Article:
With the CX name change in 2015, I started riding on my Handsling Bikes CXC. This was their first carbon-fibre cyclo-cross model and a bit of a rocket. Suddenly I was finishing a lot faster than on my 26″ wheeled mtbs: the only problem was I was taking a battering! With some TRP CX8.4 mini-V brakes the braking power had increased, but I was back riding fully rigid. After buying a Trek Procaliber 9.7, I thought I’d give that a go. Big wheels, big tyres, front suspension, disc brakes, carbon frame and a monstrous 52 tooth big cog, it was an off-road weapon. But it was slower overall. While I got PBs on all the downhill sections and arrived relatively fresh, it wasn’t as fast. Maybe I need to learn to ride MTB style?

What are you riding this year?

This year it’s time for another bike change. I’m going back to drop-bars and no suspension with the CEXevo, again from Handsling Bikes. This is an evolution of the original CXC and features wider clearances and disc-brakes, which means I could potentially run 650b wheels. And where I always used a 1x drive-train on the CX Century, this year I’m running 2x. I’ve been using this bike at some of the UCI Gravel World Series races and prefer the set-up.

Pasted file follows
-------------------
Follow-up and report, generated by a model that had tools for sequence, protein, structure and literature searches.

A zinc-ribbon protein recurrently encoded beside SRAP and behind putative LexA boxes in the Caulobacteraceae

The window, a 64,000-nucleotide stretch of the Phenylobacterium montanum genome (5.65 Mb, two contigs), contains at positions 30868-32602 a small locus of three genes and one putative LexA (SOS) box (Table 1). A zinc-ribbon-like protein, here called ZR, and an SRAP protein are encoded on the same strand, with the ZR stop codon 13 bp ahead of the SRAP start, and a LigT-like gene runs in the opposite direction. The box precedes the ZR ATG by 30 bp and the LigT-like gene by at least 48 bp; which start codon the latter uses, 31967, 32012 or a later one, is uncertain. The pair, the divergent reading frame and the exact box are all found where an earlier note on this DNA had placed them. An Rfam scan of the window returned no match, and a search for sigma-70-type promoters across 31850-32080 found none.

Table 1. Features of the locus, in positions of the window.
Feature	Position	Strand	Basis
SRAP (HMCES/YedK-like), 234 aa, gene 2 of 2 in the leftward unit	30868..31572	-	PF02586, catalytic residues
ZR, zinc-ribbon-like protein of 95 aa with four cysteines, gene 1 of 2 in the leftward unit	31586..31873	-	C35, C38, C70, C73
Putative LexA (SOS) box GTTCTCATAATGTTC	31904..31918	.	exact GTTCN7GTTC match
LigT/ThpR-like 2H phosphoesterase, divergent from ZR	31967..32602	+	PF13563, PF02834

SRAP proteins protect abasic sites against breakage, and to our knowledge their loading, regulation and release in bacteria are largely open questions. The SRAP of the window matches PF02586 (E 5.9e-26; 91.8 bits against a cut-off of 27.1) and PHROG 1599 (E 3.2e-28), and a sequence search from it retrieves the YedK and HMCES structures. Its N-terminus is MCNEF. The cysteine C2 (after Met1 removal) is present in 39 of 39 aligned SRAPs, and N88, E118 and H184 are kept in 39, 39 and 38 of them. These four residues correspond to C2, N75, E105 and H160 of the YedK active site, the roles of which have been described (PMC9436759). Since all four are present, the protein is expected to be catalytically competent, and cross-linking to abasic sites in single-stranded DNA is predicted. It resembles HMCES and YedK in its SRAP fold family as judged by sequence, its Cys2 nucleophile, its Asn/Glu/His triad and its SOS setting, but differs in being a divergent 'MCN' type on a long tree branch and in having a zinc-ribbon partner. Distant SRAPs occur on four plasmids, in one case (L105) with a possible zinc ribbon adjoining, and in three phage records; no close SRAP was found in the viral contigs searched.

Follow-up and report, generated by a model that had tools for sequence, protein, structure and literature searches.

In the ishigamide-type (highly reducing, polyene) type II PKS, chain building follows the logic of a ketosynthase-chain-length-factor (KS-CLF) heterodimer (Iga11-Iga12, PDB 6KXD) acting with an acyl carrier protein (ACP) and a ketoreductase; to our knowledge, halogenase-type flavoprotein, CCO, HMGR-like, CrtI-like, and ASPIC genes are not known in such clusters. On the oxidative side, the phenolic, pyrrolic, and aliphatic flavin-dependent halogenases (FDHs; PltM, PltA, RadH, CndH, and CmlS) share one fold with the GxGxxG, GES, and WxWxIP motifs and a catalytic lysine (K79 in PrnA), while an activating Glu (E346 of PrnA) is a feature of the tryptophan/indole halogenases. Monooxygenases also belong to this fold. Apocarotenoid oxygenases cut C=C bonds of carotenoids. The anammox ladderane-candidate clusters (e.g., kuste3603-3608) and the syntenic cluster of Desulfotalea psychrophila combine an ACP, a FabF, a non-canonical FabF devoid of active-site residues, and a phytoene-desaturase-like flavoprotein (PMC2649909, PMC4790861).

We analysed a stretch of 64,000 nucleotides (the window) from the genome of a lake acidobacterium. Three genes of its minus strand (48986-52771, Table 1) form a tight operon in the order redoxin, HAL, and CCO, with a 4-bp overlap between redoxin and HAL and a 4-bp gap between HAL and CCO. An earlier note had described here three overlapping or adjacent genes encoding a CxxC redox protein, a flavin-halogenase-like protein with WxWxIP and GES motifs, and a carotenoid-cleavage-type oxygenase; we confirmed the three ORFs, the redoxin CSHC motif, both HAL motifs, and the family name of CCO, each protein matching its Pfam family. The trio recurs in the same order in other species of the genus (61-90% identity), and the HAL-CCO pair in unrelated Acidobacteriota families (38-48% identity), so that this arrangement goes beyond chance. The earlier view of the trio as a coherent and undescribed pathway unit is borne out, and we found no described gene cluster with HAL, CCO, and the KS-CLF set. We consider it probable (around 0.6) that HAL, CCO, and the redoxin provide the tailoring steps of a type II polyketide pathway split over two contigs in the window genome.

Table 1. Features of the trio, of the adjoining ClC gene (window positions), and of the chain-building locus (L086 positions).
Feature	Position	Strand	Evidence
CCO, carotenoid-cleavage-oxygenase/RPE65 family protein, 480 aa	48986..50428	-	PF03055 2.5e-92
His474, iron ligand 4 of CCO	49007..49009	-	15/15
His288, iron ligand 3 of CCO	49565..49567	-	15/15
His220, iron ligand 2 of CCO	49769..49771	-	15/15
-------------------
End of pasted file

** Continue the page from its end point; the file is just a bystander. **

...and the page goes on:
This will be my CX Century ride, the Handsling CEXevo
This will be my CX Century ride, the Handsling CEXevo


Gearing on previous editions was a 48 tooth absoluteBlack chain-ring paired with a Sunrace 11-40 cassette. This year I’m on Shimano Di2 105, with 50×34 chain-rings and a 11-36 cassette. Which will give a slightly lower gear, good for those last climbs. And about those climbs, I interviewed Daniel Hughes after he set his record time and was surprised when he told me he walked a lot of the hills! It seems he rode the route a week before – all in the preparation eh? – and timed some of the steeper ascents. And on some he was quicker walk/running. A lot of the climbs are steep and loose and while you can climb them, they take a lot of effort. Effort that Daniel saved for other parts of the route. I’ll be trying to remember those words rather than trying to macho my way up the hills: ride smart!

Rubber talk!

And of course, what tyres? Well my bike came with a beautiful set of Ian Lynch’s hand-built Handsling wheels. These 40mm carbon hoops feel incredibly fast and have survived gravel races in the Netherlands and Scotland. These are shod with a pair of 44mm Vittoria Mezcal tyres, with their tougher enduro casing. The South Downs Way is covered in chalk and flint, while the former will hammer you, the latter will try and rip your tyres. So far, the Mezcals have proved more than up to the challenge and with the extra volume of air, the ride is a bit softer.